Program reaches public school kids with Bible during school hours

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By Jonathan Valenzuela –

Taking advantage of Supreme Court rulings allowing “released time religious instruction,” the group LifeWise Academy is carting kids off school grounds to receive Bible studies in an attempt to bring God back to school.

It was 1962 when prayer got dumped from public school by the Supreme Court at the instigation of flamboyant atheist agitator Madalyn Murray O’Hair. Grades, morals, behavior, and a sense of civic duty has been in decline ever since.

What was so offensive about prayer, recited along with the pledge of allegiance, at the beginning of the day?

Here is the specific prayer the court prohibited: “Almighty God, we acknowledge our dependence upon thee, and we beg Thy blessings upon us, our parents, our teachers, and our Country.” The prayer in question was the “Regents’ Prayer,” which was composed by the New York State Board of Regents and recommended for use in public schools.

Now, Joel Penton, who hunted down quarterbacks as the defensive tackle of Ohio State University, is bringing God back to school, all in accordance with the legal doctrines outlined by the Supreme Court.

Since 2018, he’s been promoting the establishment of LifeWise Academy groups. So far, they are operating in 300 schools (representing 35,000 students) in 11 states. When the Ohio-based non-profit opens a study in a school, attendance improves, discipline improves and studies improve, according to a study conducted by Thomas P. Miller & Associates.

“LifeWise has made a positive impact on students’ attendance, behavior and social emotional well-being,” the study quotes Central Ohio Principal Shalonda Likely-Roach. “It provides confidence and a sense of belonging for students. They have learned compassion.

“Our school’s average daily attendance goal is 90% or above each day,” Likely-Roach adds. Consistently, on the day when students participate in LifeWise, attendance improves. Disciplinary infractions for students who participate in LifeWise have also decreased significantly.

As expected, militant atheists are up in arms. The Freedom From Religion Foundation fired off 600 letters of complaints to school districts in Ohio to oppose the program. “Participating students are being punished by losing hundreds of hours of academic instruction to LifeWise’s released time bible study classes,” says FFRF Co-President Annie Laurie Gaylor, as quoted in Christian Post.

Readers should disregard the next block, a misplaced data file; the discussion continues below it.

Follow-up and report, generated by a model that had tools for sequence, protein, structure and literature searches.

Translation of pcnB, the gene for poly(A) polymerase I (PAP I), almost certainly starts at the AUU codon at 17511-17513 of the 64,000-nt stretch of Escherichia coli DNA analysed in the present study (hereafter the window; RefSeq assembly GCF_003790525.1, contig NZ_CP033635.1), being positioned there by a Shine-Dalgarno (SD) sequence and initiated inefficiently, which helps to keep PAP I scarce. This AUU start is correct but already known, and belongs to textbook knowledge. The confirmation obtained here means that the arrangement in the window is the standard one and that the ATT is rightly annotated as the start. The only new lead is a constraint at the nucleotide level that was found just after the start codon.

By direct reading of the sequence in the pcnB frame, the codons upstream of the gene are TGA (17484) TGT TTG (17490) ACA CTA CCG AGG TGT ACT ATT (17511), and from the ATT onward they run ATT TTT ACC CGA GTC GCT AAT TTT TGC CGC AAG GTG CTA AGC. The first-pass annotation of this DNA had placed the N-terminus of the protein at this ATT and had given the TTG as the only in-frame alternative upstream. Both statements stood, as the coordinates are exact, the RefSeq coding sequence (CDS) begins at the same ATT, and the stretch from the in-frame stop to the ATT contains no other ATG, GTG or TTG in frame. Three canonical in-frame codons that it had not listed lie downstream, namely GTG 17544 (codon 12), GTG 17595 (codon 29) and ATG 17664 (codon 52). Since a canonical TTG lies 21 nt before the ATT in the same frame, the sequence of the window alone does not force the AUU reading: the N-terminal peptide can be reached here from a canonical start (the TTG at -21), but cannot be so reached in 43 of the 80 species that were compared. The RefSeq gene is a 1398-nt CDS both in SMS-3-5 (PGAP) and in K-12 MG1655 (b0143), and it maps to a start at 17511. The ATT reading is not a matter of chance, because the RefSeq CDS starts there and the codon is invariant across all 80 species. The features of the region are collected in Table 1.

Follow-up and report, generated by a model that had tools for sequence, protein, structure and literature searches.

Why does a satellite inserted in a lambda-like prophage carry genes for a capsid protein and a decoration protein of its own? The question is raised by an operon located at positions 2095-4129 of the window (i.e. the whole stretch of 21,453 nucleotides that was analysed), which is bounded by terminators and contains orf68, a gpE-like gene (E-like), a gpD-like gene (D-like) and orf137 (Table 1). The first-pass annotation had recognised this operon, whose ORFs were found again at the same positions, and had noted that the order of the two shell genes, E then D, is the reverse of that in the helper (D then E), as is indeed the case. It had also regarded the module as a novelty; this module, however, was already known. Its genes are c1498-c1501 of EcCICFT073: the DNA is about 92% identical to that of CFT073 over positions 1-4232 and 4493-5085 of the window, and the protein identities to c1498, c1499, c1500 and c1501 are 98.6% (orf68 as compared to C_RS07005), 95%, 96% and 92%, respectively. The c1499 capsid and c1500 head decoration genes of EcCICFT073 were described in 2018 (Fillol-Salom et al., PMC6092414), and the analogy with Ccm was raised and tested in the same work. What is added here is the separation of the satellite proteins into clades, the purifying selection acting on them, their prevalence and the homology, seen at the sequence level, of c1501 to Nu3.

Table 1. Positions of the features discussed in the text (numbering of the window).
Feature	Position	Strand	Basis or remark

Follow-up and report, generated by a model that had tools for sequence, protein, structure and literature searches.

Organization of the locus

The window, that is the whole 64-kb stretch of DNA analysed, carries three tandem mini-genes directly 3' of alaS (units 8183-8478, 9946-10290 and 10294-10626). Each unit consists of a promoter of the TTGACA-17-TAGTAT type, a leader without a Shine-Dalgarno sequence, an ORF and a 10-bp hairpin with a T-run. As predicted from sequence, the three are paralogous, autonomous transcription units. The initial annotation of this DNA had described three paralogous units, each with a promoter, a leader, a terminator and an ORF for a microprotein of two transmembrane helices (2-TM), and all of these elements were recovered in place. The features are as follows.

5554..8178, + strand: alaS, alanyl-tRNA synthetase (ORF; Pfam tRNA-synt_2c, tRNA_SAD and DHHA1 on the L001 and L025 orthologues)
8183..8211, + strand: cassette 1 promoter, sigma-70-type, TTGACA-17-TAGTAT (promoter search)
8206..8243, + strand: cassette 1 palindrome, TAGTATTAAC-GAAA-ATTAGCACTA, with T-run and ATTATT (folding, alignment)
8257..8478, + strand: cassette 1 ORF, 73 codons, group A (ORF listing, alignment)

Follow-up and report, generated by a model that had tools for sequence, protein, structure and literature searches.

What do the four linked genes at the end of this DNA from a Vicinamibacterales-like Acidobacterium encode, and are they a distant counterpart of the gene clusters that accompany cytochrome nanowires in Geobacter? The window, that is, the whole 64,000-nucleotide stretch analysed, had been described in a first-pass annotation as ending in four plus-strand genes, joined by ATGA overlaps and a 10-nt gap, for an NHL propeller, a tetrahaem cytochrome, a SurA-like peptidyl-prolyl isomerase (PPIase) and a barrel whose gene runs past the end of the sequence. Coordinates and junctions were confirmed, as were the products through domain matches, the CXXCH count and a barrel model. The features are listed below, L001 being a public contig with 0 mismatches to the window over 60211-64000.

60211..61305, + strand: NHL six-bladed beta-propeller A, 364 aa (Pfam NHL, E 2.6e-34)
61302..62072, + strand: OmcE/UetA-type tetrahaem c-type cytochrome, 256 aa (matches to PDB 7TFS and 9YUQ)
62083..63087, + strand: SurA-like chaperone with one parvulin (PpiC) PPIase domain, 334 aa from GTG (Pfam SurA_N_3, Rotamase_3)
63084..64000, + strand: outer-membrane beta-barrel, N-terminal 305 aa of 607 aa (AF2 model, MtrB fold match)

“If parents want their children to learn about the bible, there are so many ways to do it without cutting into valuable school hours,” she added. “The released time program involves a public school allowing students to attend religious instruction during school hours, provided that it is off-campus and not directly endorsed by the school itself.”

A mother of two students in LifeWise, Jessica Cappuzzello, doesn’t see anything wrong with the program. “I have seen firsthand differences in my boys that I kind of never thought possible,” she told NBC News. Her kids are in the New Albany-Plain Local School District outside Columbus.

Vincent Coleman, a former middle school principal, concurs. A former school administrator of two decades in Columbus City Schools, Coleman wanted to do more to help the thousands of African-American and Latino students from disadvantaged homes. But rules banned him from talking about God to kids who needed hope, battled malnutrition, lived in homelessness, and struggled with mental health.

Now he runs a LifeWise program with 500 kids. “You can communicate to a kid that ‘Hey, your life matters. God loves you,’” Coleman said. “That’s a component that our kids need to hear.”

LifeWise kids wear distinctive red T-shirts to school on days when they have a LifeWise group. After math, English, history and other subjects, they board a bus – still during school hours – and ride to an offsite location (usually a church).

At the group, they sing to Jesus, get a Bible lesson, play games, and eat treats.

In accordance with Supreme Court rules, a LifeWise program must be privately-funded and be hosted off the school grounds, must not be promoted by school officials and parents must sign an authorization for their kids to participate.

The students who stay behind at the school and do not participate in LifeWise often go to the library to read books or engage in other learning programs.

Since supreme Court rulings in 1948 and 1952 establishing guidelines for “release time,” religious programs have popped up across the country. Mormons and Jews have been the biggest groups to take advantage of the ruling, usually in Utah or New York City, says Steven K. Green, a professor of law and religious history at Willamette University.

“For the most part, these were mom-and-pop type operations,” Green said. “Locally oriented, locally run.”

LifeWise is different because they provide a blueprint for anyone who starts a program anywhere in the country. The franchising-like model has detonated an explosion of revival.

“It’s just a matter of people becoming aware that this is really possible and then giving them the tools,” Penton says. “I think parents by and large have always wanted this as part of their kids’ education.

“What other hope do we have,” Penton said, “but to inject the word of God into the hearts of the next generation?”

If you want to know more about a personal relationship with God, go here

About the writer of this article: Jonathan Valenzuela lives in Los Angeles and studies at the Lighthouse Christian Academy.

1 COMMENT

  1. S0 glad for children to learn of Jesus! The children who attend these classes should be encouraged to share what they learned to the ones whose parents wouldn’t let them go.

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